President Obama signaled on Friday that he was close to choosing a director for a new consumer bureau, but an array of top jobs that will be crucial to shaping economic policy and financial regulation for the rest of his term remain unfilled.
At a White House news conference, Mr. Obama praised Elizabeth Warren, the Harvard law professor who was the chief proponent of the Consumer Financial Protection Bureau and is a front-runner to lead it. Calling her “a dear friend” and a “tremendous advocate” for the new agency, the president said he had talked with her but added, “I’m not going to make an official announcement until it’s ready.”
Ms. Warren is considered a foe of Wall Street but a favorite of liberals. If she were nominated to the post it could set off a partisan brawl similar to the battles that nearly swamped the Dodd-Frank financial overhaul law Mr. Obama signed in July, which created the bureau.
That position, however, is only one of a half-dozen unfilled presidentially appointed posts that have vast powers over the mortgage market, financial stability and the banking and insurance industries. The seats have been vacant even though the new law directed regulatory agencies to make scores of major decisions that will shape Wall Street and the financial sector for years to come.
Delays in the appointment process — lengthened by Congressional brinksmanship and cumbersome vetting — are not new, and some choices have come quickly. On Friday, the president named Austan D. Goolsbee chairman of the White House Council of Economic Advisers, filling a position that had just opened. But the confluence of vacancies in the economic realm comes at a time of regulatory transformation, a slowing economy and a Republican resurgence. (Mr. Goolsbee, who was previously confirmed as a member of the council, did not need a second Senate confirmation to become chairman.)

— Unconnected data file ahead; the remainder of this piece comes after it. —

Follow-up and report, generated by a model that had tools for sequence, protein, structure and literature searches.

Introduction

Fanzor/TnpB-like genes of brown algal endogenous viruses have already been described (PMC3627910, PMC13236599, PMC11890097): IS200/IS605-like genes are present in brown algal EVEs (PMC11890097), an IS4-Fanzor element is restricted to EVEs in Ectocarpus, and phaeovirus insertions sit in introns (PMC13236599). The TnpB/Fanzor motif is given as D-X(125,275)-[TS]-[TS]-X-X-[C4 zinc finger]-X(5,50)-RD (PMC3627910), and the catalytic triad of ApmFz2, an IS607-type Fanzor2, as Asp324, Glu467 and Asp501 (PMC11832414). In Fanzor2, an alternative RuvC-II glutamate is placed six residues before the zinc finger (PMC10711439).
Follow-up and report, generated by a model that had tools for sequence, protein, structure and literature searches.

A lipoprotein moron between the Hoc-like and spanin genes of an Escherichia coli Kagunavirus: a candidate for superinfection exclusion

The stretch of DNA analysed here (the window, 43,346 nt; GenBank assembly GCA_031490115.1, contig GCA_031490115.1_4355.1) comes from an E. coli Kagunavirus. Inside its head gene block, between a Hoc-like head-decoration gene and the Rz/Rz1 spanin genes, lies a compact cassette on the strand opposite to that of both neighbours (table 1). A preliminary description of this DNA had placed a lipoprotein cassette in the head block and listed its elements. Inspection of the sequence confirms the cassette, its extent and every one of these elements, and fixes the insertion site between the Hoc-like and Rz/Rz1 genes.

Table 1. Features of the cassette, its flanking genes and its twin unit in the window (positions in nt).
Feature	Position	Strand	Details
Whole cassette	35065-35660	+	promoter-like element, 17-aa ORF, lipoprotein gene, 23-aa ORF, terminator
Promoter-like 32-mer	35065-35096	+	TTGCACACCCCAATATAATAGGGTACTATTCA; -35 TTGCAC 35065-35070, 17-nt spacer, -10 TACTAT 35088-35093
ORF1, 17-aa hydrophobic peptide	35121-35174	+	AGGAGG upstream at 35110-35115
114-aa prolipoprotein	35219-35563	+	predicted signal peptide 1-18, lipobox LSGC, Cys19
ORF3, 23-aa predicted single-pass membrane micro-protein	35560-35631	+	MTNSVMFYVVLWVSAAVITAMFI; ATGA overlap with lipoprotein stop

The prospect of Republicans making strong gains in Congress in November has complicated the appointment calculation, as nearly all of the unfilled jobs require Senate confirmation.
“There’s a normal attrition around midterm,” said Stuart E. Eizenstat, who was President Jimmy Carter’s chief domestic policy adviser and later President Bill Clinton’s deputy Treasury secretary. “What’s different now is the likelihood of a dramatic change in the composition of Congress, and the fact that the Republicans may use each and every one of these to make an economic point.”
The tight Congressional calendar also means that some of the jobs might go unfilled for months longer.
“It is close to impossible to think that the Senate can take a nomination, hold hearings and confirm the person before the election,” Mr. Eizenstat said. “And getting this done in the postelection session is possible, but very difficult.”
In some cases, the president has put forward names that have not been acted on.
For example, the Federal Reserve’s board of governors, which is considering additional steps to prop up the flagging recovery, has just four of its full complement of seven members. The Senate has yet to confirm three candidates Mr. Obama nominated in April to fill the vacancies.
One factor that has delayed the decision over the consumer post is the fierce opposition of banking and business groups to Ms. Warren, who is chairwoman of the Congressional panel that oversees the 2008 Wall Street bailout. Senator Christopher J. Dodd of Connecticut, the chairman of the Banking Committee, has said she might have trouble being confirmed.